At Rho, we took these challenges to heart and created a new Center for Applied Data Visualization (ADV) to research and promote the best practices and tools for visualizing and reporting data. The ADV was founded by a team of senior biostatisticians, web programmers, and a study coordinator who have years of experience directly supporting sunburstclinical trials. This first hand experience with clinical research gave our team a unique perspective on the data reporting needs at all stages of clinical research from study design, to participant enrollment, monitoring, data collection, analysis, data exploration, to publication and reporting. Hence, the ADV marries clinical research experience with the technical skillset to create innovative, cutting-edge data visualizations in support of our research projects. Moreover, the ADV provides trainings throughout the company on graphics best practices and tool development.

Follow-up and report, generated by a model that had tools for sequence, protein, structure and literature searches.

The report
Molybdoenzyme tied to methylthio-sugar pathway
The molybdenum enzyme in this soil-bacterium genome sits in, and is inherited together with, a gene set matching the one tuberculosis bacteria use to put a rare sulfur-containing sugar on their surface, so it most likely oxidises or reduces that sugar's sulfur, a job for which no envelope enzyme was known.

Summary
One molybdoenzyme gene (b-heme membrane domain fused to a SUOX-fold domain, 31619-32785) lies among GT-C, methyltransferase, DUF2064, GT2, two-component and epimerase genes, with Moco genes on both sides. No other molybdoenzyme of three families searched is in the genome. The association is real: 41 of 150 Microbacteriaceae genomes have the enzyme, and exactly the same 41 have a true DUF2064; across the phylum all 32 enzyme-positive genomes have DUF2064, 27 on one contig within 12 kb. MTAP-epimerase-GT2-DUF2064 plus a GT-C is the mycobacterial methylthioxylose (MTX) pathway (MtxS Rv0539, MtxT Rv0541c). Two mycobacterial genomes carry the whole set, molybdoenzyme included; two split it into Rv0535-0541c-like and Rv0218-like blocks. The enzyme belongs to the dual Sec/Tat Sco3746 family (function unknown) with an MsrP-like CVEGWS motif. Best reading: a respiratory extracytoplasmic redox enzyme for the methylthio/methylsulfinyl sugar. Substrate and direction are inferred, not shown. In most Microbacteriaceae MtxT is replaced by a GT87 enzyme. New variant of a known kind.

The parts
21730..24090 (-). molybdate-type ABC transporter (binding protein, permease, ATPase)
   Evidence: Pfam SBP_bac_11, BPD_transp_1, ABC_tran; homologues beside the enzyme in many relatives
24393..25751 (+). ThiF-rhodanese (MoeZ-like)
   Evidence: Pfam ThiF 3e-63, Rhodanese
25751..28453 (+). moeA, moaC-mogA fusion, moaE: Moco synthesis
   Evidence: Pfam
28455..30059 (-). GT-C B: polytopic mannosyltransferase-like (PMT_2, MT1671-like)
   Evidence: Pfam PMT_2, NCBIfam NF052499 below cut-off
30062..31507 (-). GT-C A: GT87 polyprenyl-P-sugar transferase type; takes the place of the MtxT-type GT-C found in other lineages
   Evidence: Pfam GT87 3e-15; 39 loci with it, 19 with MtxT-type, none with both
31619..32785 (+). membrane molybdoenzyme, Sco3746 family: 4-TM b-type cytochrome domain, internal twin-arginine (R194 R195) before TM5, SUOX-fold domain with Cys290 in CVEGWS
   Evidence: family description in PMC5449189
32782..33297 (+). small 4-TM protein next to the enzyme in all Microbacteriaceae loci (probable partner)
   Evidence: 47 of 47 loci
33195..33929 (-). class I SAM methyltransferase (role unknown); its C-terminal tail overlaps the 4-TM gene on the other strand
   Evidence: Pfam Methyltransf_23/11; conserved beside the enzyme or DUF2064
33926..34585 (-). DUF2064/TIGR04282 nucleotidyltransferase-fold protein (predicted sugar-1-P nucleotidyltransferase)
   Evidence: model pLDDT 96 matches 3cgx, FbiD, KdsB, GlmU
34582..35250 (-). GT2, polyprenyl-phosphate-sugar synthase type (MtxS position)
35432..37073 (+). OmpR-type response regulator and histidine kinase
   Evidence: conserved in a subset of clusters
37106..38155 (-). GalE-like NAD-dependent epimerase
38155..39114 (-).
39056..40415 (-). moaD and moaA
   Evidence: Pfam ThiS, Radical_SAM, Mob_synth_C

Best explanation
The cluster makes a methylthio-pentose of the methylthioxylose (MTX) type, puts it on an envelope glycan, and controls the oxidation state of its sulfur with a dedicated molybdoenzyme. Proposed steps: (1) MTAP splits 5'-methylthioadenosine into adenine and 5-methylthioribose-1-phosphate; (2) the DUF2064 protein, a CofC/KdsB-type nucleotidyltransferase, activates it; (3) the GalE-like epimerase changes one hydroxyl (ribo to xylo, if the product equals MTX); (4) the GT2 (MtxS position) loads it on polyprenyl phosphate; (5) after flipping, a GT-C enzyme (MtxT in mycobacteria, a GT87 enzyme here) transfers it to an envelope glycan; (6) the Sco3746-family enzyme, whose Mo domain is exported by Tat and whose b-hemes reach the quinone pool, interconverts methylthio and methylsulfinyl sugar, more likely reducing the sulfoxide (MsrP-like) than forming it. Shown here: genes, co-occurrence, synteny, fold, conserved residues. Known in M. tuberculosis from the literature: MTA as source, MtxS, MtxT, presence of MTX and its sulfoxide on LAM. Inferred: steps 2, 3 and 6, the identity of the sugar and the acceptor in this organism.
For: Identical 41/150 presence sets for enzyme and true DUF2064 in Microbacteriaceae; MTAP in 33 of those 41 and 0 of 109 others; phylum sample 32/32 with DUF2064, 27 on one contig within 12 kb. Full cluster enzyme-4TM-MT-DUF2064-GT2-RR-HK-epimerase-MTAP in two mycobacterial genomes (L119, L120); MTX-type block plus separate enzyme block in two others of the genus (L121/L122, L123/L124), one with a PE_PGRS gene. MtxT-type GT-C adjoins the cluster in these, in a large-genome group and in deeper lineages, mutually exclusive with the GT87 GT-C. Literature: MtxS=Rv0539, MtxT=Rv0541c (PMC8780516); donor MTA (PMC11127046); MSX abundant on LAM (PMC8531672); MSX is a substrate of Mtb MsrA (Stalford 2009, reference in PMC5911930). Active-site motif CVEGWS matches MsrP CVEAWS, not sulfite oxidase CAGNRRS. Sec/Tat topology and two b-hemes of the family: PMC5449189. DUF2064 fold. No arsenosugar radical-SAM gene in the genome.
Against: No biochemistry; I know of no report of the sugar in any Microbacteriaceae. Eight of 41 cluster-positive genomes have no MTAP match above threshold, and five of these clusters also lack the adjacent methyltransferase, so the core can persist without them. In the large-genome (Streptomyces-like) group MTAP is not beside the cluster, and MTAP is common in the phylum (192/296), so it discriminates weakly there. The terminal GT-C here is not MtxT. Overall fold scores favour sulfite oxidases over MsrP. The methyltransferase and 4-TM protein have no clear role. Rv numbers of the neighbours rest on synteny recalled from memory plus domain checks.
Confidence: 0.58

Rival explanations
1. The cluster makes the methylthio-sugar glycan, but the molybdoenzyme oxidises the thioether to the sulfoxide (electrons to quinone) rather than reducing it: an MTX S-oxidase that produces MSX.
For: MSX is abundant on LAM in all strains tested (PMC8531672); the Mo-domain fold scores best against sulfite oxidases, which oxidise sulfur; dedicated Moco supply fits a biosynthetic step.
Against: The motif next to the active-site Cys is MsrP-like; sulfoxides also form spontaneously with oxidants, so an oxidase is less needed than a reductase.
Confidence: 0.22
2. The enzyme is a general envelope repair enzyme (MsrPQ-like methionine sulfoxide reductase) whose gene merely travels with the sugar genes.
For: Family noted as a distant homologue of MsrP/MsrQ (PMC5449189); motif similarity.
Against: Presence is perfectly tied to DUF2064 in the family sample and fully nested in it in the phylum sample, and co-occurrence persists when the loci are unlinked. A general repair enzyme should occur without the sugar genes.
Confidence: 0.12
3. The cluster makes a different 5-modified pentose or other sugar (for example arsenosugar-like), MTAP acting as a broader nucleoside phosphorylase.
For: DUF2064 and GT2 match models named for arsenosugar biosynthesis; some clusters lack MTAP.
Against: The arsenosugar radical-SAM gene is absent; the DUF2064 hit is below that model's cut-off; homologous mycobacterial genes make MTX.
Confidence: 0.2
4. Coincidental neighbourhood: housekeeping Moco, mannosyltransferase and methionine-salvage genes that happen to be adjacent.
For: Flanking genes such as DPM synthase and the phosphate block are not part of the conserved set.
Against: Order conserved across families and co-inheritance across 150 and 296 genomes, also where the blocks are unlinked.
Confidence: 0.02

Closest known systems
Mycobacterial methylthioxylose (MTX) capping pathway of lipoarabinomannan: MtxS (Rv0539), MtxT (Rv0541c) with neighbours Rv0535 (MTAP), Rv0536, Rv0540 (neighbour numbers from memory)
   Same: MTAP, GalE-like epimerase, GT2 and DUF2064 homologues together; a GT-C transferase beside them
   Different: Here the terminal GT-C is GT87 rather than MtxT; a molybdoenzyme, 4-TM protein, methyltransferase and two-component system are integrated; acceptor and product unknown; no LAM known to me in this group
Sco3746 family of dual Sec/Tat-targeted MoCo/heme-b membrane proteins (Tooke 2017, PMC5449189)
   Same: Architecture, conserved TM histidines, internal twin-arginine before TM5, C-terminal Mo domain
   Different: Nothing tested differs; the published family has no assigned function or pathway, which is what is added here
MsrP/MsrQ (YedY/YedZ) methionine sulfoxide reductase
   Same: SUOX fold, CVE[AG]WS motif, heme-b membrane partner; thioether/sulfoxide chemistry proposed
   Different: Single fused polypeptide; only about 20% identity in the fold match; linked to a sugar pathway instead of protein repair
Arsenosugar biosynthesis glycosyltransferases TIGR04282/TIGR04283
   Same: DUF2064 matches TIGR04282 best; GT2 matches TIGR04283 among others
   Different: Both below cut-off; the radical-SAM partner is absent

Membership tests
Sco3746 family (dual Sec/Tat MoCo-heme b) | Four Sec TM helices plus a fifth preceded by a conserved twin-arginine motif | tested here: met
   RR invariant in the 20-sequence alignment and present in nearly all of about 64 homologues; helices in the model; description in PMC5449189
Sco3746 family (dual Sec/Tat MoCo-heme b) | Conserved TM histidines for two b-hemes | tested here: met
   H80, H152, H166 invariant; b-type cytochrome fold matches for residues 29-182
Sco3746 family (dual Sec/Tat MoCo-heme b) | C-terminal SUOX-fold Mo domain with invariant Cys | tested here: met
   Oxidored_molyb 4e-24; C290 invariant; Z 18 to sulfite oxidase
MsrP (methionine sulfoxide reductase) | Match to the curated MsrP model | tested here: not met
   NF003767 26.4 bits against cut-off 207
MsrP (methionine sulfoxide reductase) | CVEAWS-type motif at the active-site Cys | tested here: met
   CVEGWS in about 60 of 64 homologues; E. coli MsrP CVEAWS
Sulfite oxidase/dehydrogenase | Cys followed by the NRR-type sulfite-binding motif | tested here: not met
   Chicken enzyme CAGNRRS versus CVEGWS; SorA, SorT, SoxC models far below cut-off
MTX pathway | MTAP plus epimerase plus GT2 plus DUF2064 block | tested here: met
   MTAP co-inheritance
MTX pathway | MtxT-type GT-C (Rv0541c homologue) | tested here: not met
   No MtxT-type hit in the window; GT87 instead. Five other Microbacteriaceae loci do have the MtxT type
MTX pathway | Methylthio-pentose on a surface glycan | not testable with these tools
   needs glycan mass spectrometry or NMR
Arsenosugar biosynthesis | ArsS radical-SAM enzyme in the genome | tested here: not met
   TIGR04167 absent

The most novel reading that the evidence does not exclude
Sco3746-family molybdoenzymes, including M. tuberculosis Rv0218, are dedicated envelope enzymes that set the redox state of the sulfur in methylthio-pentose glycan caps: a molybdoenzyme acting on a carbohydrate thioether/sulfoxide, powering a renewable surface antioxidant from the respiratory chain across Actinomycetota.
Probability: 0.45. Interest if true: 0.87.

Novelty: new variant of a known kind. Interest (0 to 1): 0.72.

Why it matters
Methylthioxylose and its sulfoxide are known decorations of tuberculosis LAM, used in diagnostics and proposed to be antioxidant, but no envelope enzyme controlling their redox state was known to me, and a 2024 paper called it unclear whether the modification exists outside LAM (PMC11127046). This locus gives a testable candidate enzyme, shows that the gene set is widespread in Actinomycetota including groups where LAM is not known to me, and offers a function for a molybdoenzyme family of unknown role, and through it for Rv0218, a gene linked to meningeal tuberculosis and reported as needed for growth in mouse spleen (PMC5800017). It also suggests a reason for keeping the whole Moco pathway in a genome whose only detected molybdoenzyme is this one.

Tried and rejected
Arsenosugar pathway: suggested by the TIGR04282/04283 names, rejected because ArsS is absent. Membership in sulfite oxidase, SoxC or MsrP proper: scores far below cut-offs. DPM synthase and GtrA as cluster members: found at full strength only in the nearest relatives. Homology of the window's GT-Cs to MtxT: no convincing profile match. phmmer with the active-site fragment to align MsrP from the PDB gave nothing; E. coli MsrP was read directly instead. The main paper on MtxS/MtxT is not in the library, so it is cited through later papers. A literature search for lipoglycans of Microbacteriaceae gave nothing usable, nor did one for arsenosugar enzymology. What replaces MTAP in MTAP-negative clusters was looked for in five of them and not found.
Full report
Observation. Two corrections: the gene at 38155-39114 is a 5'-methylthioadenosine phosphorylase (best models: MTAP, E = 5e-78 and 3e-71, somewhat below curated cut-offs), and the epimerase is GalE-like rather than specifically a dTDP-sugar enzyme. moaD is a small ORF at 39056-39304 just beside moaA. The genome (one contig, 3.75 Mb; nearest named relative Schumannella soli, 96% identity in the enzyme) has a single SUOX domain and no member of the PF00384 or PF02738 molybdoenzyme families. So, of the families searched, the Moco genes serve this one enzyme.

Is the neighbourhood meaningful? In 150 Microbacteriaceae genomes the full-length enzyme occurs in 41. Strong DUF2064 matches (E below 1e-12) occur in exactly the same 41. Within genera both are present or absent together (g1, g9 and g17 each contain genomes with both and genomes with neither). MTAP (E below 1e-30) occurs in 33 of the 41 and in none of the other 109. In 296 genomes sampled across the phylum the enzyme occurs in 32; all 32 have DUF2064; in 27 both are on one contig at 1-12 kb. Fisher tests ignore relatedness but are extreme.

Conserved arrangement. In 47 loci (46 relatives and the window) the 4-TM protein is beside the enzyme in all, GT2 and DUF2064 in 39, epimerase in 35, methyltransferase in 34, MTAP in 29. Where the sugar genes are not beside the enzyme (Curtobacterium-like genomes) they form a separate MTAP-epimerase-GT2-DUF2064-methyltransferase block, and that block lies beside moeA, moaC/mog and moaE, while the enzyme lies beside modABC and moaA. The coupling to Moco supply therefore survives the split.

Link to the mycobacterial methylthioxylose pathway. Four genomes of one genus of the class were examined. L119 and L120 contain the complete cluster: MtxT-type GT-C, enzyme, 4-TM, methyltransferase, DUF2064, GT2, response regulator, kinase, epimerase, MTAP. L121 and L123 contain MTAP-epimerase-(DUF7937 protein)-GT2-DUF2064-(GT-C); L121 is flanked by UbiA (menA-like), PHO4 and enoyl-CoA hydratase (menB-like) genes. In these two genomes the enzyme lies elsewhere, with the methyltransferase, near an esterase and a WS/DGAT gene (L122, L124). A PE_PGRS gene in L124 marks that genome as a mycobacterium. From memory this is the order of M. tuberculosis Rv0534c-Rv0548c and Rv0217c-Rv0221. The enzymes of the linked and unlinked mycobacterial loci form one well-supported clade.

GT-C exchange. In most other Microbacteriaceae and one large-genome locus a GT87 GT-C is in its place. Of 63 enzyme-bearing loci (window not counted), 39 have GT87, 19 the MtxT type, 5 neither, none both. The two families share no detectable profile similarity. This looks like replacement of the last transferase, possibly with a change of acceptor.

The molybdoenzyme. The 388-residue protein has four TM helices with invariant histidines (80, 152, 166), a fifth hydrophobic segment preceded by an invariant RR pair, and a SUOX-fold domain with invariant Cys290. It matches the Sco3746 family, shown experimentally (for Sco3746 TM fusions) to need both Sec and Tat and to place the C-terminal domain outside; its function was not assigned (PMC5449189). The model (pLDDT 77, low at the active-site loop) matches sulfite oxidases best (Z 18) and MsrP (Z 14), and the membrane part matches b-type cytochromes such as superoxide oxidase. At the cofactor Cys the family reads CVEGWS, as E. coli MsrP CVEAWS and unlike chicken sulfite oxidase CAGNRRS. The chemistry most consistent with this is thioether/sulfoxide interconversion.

In support of our projects, the ADV has developed dozens of novel graphics for both static reports and interactive web-based use. In both cases, the response from our clients and research partners has been overwhelmingly positive. Beginning this month, the ADV is expanding their focus to also provide resources external to Rho. Members of the ADV have been presenting their work and tools in public forums for years, but now we are moving toward releasing some of our tools, resources, and graphics research open source (free to use) on our new graphics sharing website: graphics.rhoworld.com. The site currently has two tools available, and additional graphics will be posted, and discussed here, on a regular basis.